SNP MEP Praised For Horse Welfare Efforts
Earlier in 2008 Mr Smith wrote to the European Health Commissioner, Androulla Vassiliou, to ask the Commission to investigate claims that the EU's rules on the protection and promotion of animal welfare during transport are being ignored and openly flouted in many instances.
The EU's rules, which came into effect in 2007 and are now currently under review, are supposed to ensure the welfare of live animals, and horses in particular, being transported long distances across Europe to slaughter.
This followed concerns from a number of Mr Smith's constituents the length and breadth of Scotland as well as from World Horse Welfare at the appalling conditions in which thousands of live horses are still being packed into overcrowded metal lorries and transported to slaughter either in soaring or freezing temperature.
Many of these lorries are failing to stop and rest the horses off the lorries after 24 hours of travelling as requires, as well as failing to feed and water the horses. Dehydration, extreme exhaustion and injury are just some of the ways in which horses, ponies and donkeys suffer when travelling the slaughter route from source countries such as Poland, Romania and Spain to Italy, the main destination. These unnecessary journeys take days - one frequently used route passes 180 slaughter houses, meaning needless suffering continues rather than the horses being destroyed and their chilled carcases shipped to consuming countries.
Speaking from Strasbourg,Smith said:
"I'm delighted my efforts in seeking reassurances from the Commission on horse and animal welfare are recognised and supported by such a worthy organisation as World Horse Welfare, which is dedicated 100% to caring for horses and has campaigned long and hard with its Make a Noise campaign to bring an end to the live long-distance transportation of horses for slaughter in the EU.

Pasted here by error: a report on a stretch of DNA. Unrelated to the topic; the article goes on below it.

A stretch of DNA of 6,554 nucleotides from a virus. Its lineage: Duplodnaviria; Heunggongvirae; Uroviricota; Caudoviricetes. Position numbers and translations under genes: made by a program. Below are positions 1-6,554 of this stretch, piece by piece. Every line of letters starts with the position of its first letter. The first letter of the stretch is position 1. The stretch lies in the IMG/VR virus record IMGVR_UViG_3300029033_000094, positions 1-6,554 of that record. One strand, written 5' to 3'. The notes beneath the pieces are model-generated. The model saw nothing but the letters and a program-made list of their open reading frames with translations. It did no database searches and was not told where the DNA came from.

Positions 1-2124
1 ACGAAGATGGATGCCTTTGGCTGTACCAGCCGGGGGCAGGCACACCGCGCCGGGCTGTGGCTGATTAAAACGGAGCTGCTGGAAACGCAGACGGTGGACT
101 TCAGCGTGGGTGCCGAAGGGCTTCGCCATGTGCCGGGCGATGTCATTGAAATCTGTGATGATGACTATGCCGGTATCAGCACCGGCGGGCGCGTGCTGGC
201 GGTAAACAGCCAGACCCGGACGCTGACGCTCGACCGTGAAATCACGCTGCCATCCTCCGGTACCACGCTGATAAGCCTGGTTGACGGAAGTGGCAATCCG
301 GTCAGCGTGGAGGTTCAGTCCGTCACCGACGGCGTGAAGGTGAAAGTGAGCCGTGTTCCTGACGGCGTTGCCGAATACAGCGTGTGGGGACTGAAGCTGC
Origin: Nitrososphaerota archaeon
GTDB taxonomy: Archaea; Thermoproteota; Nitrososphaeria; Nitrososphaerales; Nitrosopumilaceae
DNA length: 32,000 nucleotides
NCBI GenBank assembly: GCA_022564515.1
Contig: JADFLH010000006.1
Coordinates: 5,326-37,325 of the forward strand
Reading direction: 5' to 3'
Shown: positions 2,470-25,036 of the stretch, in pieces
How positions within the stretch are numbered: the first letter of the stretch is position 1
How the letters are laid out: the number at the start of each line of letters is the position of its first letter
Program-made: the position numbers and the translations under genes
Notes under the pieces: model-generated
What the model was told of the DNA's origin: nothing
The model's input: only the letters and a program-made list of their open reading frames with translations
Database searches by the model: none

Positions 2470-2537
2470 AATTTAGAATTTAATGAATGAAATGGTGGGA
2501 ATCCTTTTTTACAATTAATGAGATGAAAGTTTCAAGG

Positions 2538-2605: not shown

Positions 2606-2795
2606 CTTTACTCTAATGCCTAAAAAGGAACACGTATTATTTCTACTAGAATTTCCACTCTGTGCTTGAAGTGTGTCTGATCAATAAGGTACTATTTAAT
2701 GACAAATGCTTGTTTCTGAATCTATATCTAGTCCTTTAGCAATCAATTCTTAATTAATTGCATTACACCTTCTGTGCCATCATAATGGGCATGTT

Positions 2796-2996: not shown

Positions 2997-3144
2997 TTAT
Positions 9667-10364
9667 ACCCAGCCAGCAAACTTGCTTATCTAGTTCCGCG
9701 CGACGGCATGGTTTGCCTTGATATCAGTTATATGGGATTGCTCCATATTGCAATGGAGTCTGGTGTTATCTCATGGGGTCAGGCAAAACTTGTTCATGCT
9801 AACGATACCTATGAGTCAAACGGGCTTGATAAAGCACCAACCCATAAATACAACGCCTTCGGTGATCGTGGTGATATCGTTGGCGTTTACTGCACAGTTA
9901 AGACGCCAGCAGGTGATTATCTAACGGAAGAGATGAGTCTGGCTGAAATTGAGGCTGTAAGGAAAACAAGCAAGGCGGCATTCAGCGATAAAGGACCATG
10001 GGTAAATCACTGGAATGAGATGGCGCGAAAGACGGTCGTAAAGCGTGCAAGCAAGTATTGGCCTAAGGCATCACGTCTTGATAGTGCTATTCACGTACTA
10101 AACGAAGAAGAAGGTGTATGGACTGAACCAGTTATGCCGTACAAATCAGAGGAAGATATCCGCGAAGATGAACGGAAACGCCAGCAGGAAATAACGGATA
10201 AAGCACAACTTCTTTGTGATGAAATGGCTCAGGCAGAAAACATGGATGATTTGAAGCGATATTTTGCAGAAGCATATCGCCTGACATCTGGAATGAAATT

"I'm also delighted to be working alongside "World Horse Welfare" on this issue and am determined to keep the pressure on the Commission. The EU regulations in this area are very clear in terms of the animal welfare measures that have to be put in place for animals transported over eight hours, especially when it comes to rest stops and ensuring there are adequate levels of feed and water."
Mr Smith's comments were echoed by Jo White, Director of Campaigns and Communications for World Horse Welfare:
"We are very grateful to Alyn and to all our supportive MEPs for their help with the Make A Noise campaign. At such a critical stage in our campaign to end the long-distance transportation of horses for slaughter in Europe political support such as this is vital. The current Regulation does not go far enough and our Dossier of Evidence contains a wealth of information on the horrific suffering that takes place every day on these journeys.
"We desperately want to see the European Commission take our eight recommendations, as detailed in the Dossier, into consideration in order to protect these vulnerable horses. People can help us to end this pointless suffering by joining the 108,000 people who have signed the Make A Noise petition so far at www.makeanoise.co.uk."
A copy of the parliamentary question which Mr Smith has lodged with the European Commission on horse and animal welfare is below:
Concerns have been raised with me by a number of my constituents concerning the apparent sudden and dramatic increase in the numbers of horses being transported for slaughter for human consumption into the Netherlands. The Eurostat database reports that in 2006, four horses were transported for slaughter, in 2007, the number of horses transported for slaughter was 35, 986 and in 2008, 28,731 horses were transported for slaughter.
Can the Commission confirm that the above figures from Eurostat are correct? Can the Commission also provide me with the necessary figures from the Trade Control and Expert System (TRACES) database for the number of equidae entering the Netherlands for slaughter for the years 2006, 2007 and 2008? I am also aware that there would appear to be some discrepancies between the Eurostat and ISTAT databases on the number of equidae entering Italy for slaughter for human consumption. Can the Commission provide the necessary figures from the Trade Control and Expert System (TRACES) database for the number of equidae entering Italy for slaughter for the years 2006, 2007 and 2008?
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